Monday, July 26, 2010


Achillea millefolium

Achillea millefolium or yarrow is a flowering plant native to the Northern Hemisphere. In antiquity, yarrow was known as "herbal militaris", for its use in staunching the flow of blood from wounds. Other common names for this species include common yarrow, nosebleed plant, old man's pepper, devil's nettle, milfoil, soldier's woundwort, thousand-leaf and thousand-seal.

Yarrow has achieved its Latin name Achillea from the Greek legendary hero Achilleus, who was invulnerable except in one spot, namely his Achilles' tendon. It was said that he used the plant to heal his soldiers' wounds. Millefolium means 'a thousand leaves' and refers to the featherlike, fringed leaves.The English name yarrow comes from the Saxon (Old English) word gearwe, which is related to both the Dutch word gerw and the Old High German word garawa.

Yarrow grows up to 3500m above sea level. The plant commonly flowers from May through June, and is a frequent component in butterfly gardens. Common yarrow is frequently found in the mildly disturbed soil of grasslands and open forests. Active growth occurs in the spring. It is considered directly beneficial to other plants, improving the health of sick plants when grown near them. Several cavity-nesting birds, including the common starling, use yarrow to line their nests. Experiments conducted on the tree swallow, which does not use yarrow, suggest that adding yarrow to nests inhibits the growth of parasites.

Medicine and Food.
A garden-yarrow is used as a decorative plant , but it is the wild yarrow which was used against fever , ulcer and other inflammation-diseases. It was also used as a means against loss of hair.
In the 1700s the herb was popular in the kitchen, either raw or boiled, and the white flowers were used for relaxing baths. A balm was made from lard and crushed leaves and smeared upon rash and wounds. Henrik Smid recommended it against roundworms and stomach cramps, and Simon Paulli told about a man whose nose was cut off, but was put back with a mix of yarrow and red wine!

Yarrow was also used in traditional Native American herbal medicine. Navajo Indians considered it to be a "life medicine", chewed it for toothaches, and poured an infusion into ears for earaches. The Pawnee used the stalk for pain relief. The Chippewa used the leaves for headaches by inhaling it in a steam. They also chewed the roots and applied the saliva to their appendages as a stimulant. The Cherokee drank a tea of common yarrow to reduce fever and aid in restful sleep.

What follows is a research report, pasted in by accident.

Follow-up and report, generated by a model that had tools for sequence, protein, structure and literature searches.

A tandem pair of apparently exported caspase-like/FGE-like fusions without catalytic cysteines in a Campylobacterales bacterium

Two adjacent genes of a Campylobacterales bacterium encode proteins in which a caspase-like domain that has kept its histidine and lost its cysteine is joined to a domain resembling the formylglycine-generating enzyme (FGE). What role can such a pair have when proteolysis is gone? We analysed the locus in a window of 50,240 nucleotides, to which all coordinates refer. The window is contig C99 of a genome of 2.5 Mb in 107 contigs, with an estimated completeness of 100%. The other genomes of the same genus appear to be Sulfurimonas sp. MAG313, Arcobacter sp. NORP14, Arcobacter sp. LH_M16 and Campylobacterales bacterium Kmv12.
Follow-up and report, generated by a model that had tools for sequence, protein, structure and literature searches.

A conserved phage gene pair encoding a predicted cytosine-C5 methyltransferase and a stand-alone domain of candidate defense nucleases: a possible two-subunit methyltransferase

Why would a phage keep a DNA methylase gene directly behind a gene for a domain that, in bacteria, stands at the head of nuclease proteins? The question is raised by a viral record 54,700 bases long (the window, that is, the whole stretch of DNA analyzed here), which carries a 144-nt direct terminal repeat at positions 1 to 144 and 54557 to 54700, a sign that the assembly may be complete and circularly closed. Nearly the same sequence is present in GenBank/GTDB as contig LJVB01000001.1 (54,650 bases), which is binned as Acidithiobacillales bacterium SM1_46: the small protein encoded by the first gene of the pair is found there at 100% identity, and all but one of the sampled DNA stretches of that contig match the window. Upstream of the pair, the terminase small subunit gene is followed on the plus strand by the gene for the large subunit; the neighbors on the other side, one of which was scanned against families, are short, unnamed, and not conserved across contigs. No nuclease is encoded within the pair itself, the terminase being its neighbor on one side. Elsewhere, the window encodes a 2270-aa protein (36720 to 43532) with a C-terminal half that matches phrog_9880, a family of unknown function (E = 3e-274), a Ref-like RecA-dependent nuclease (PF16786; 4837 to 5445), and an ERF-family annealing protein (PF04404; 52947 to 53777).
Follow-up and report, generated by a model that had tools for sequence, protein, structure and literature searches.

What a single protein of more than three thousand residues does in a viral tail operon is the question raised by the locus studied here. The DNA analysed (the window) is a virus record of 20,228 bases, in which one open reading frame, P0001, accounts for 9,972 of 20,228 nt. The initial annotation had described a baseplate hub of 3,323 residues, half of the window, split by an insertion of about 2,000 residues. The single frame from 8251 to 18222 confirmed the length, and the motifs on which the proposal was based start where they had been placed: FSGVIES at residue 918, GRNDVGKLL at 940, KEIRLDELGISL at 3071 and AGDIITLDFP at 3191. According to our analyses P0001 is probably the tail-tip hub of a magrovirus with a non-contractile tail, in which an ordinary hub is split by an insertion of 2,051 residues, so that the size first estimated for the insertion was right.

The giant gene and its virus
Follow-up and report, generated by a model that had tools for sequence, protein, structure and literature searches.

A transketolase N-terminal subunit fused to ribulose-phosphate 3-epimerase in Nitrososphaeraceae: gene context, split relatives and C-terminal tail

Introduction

Dried yarrow is an ingrediense in teas against indigestion, and furthermore it is an excellent herb for spicing snaps, it has to draw for 2-3 days and gives a fine light green extract.In the Middle Ages, yarrow was part of a herbal mixture known as gruit used in the flavouring of beer prior to the use of hops. Fresh leaves can be chopped in butter and used in baked potatos, boiled leaves give taste to potato purees.

It has now been documented that yarrow is styptic, and this effect was used in folk medicine, where the plant was recommended for stopping inside haemorrhages in stomach, gut, uterus and more, and the contracting effect of the plant was useful against haemorrhoids and varicose veins.

The plant is now used in cleaning lotions for greasy skin and in shampoos against dandruffs. The juice can soothen chapped skin and is used in face masks.

The plant was used in child birth to prevent the woman from giving birth to a monster. According to legend the plant grew out from the chips of Achilleus' spear, and he used the plant to stop bleedings. The dried stalks were used for prophecy by the druids.

Wild yarrow in a light pink shade

In rare cases, yarrow can cause severe allergic skin rashes; prolonged use can increase the skin's photosensitivity. This can be triggered initially when wet skin comes into contact with cut grass and yarrow together.

Source: Anemette Olesen, Danske Klosterurter, 2001; Inge Lindt, Lægeplanter i folkemedicinen.

photo 2006/2007/2010: grethe bachmann

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